Hot biscuits are definitely a special southern treat and here is a wonderful recipe shared by our dear, southern friend Dee. The result is not a traditional biscuit, but a perfect marriage between a biscuit and a delicate roll. She prepares the dough and allows the flavors to improve by keeping it in the refrigerator even up to 5 days. When needed, she simply pulls out the amount needed and in no time at all bakes these amazing and delicious buttery biscuits that will satisfy any palate. Today it was our turn as we rolled the dough out, shaped them, and tucked them in a cast-iron skillet. What a treat seeing the magic happen when we finally baked them in our wood-fired oven. Let's get started!
640 grams All-purpose flour chilled - about 5 cups flour
40 grams sugar - about 3 1/2 Tablespoons
25 grams honey - about 1 Tablespoon
6 grams baking soda - about 1 teaspoon
16 grams baking powder - a little over 1.5 Tablespoon
6 grams salt - a little over 1 teaspoon
230 grams unsalted butter (cubed and chilled) - about 2 sticks
480 grams buttermilk - about 2 cups
120 grams warm water - about 1/2 cup
6 grams active dry yeast - about 2 teaspoons
55 grams butter melted
In a small bowl, mix together the water, yeast and honey. Set aside.
Combine the flour, sugar, salt, baking soda and baking powder in a large bowl.
Add the chilled butter to the dry ingredients, making sure each cube of butter gets dusted with the flour, as shown in the video.
With a dough cutter or with cold hands, break each butter cube into the flour. If using your hands, press the cubes between the thumbs and index fingers, thus creating these flat, almost petal like shapes. The result will be a crumbly mixture, with visible pieces of butter.
Add the buttermilk and yeast mixture to the flour only at this point. Mix together with a plastic spatula, making sure no dry, loose flour is visible. The dough at this point will seem very moist.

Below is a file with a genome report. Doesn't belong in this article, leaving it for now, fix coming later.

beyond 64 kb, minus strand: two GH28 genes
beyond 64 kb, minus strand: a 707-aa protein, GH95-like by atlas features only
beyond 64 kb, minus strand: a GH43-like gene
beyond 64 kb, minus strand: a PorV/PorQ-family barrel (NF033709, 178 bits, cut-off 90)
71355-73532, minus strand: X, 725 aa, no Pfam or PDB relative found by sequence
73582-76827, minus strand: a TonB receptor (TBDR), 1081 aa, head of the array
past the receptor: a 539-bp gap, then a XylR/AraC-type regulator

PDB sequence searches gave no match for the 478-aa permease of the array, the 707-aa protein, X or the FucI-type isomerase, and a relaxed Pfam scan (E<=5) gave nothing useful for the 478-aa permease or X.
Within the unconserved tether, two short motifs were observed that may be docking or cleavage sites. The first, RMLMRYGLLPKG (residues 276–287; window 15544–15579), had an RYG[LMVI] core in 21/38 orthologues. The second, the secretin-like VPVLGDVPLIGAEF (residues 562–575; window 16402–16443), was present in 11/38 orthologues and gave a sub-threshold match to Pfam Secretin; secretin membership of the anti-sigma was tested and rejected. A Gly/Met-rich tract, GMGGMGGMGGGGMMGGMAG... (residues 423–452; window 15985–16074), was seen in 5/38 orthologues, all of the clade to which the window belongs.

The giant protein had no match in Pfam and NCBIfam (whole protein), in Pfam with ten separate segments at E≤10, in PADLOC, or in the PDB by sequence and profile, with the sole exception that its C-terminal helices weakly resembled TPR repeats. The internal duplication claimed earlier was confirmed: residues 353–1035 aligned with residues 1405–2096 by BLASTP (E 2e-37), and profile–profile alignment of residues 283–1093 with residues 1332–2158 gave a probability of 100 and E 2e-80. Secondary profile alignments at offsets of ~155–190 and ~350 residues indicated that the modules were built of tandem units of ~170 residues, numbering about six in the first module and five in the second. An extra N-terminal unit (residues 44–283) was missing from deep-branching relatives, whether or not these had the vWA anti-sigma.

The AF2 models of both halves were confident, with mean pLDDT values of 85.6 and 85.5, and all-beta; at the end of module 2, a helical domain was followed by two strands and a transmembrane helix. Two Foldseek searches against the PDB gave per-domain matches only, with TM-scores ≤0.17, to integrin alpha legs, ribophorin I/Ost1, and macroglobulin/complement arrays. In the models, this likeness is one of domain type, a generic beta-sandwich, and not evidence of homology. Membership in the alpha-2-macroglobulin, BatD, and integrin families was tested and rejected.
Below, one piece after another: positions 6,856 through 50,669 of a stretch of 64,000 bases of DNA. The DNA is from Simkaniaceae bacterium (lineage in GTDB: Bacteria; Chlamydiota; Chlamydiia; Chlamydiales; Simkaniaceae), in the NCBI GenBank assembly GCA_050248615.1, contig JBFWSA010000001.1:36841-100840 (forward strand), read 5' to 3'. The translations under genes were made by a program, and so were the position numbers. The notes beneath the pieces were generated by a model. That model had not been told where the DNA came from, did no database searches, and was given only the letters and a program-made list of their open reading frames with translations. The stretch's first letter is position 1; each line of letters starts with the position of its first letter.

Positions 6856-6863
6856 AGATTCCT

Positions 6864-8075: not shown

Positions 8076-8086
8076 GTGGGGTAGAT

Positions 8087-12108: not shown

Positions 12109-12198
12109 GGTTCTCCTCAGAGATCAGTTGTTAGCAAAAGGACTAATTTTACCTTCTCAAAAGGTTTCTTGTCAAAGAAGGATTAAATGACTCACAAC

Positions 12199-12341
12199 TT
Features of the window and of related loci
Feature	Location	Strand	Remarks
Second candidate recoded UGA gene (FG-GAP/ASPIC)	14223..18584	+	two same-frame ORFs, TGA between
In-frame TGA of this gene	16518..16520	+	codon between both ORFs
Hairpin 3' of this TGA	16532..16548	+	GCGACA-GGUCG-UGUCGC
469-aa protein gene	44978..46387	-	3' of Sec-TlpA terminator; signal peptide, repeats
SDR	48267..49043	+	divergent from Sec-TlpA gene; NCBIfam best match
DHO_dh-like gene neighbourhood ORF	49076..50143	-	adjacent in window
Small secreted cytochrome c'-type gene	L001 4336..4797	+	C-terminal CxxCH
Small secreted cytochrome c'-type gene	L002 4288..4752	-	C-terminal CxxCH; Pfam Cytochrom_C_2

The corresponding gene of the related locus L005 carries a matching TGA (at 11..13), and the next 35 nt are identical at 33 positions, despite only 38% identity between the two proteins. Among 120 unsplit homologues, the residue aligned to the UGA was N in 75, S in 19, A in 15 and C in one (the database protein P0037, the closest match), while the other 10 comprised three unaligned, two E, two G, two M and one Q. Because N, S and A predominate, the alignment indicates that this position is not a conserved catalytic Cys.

Cover the mixture with plastic wrap or a lid, and place in the refrigerator for at least one night. The biscuits are even better and improve in flavor when kept in the refrigerator for up to 4-5 days.
Remove the dough from the fridge, and generously dust the work surface with flour. Take out enough dough as is needed for the bake, and place the rest back into the refrigerator.
Place the dough on the flour dusted work surface and begin to roll it out with the help of a rolling pin, until it is about 1 inch thick. Fold the dough, and gently roll it out again, almost as if making laminated dough. Do this process about 3-4 times. This method will create layers in the dough, thus resulting in wonderful flaky biscuits. Avoid dusting with flour between layers.
Finally, roll the dough out to about 2.54cm - 1" inch thickness. Dip the biscuit cutter in some flour to keep it from sticking and begin cutting the biscuits out.
Brush some of the melted butter all over the cast iron skillet.
Place the biscuits in the skillet, allowing each one to touch.
Again, brush the butter over the tops of the biscuits.
It is best if at this point that the oven temperature is at about 450°F - 232°C. This will give time to clean the hot coals and ashes from the oven chamber. With the help of the ash shovel quickly remove the hot coals, and close the damper on the chimney in order to retain most of the heat inside the cooking chamber. The temperature will naturally drop a bit as the door is open while cleaning it out. Before sliding the skillet in the oven, check the internal temperature once again by pointing the infrared thermometer directly on the stone where the biscuits will be placed.
Slide the skillet into the oven and close the oven door. Bake the biscuits for about 15 minutes or until they are golden brown.
Remove from the oven and eat while hot! They are especially delicious with butter and honey. Enjoy!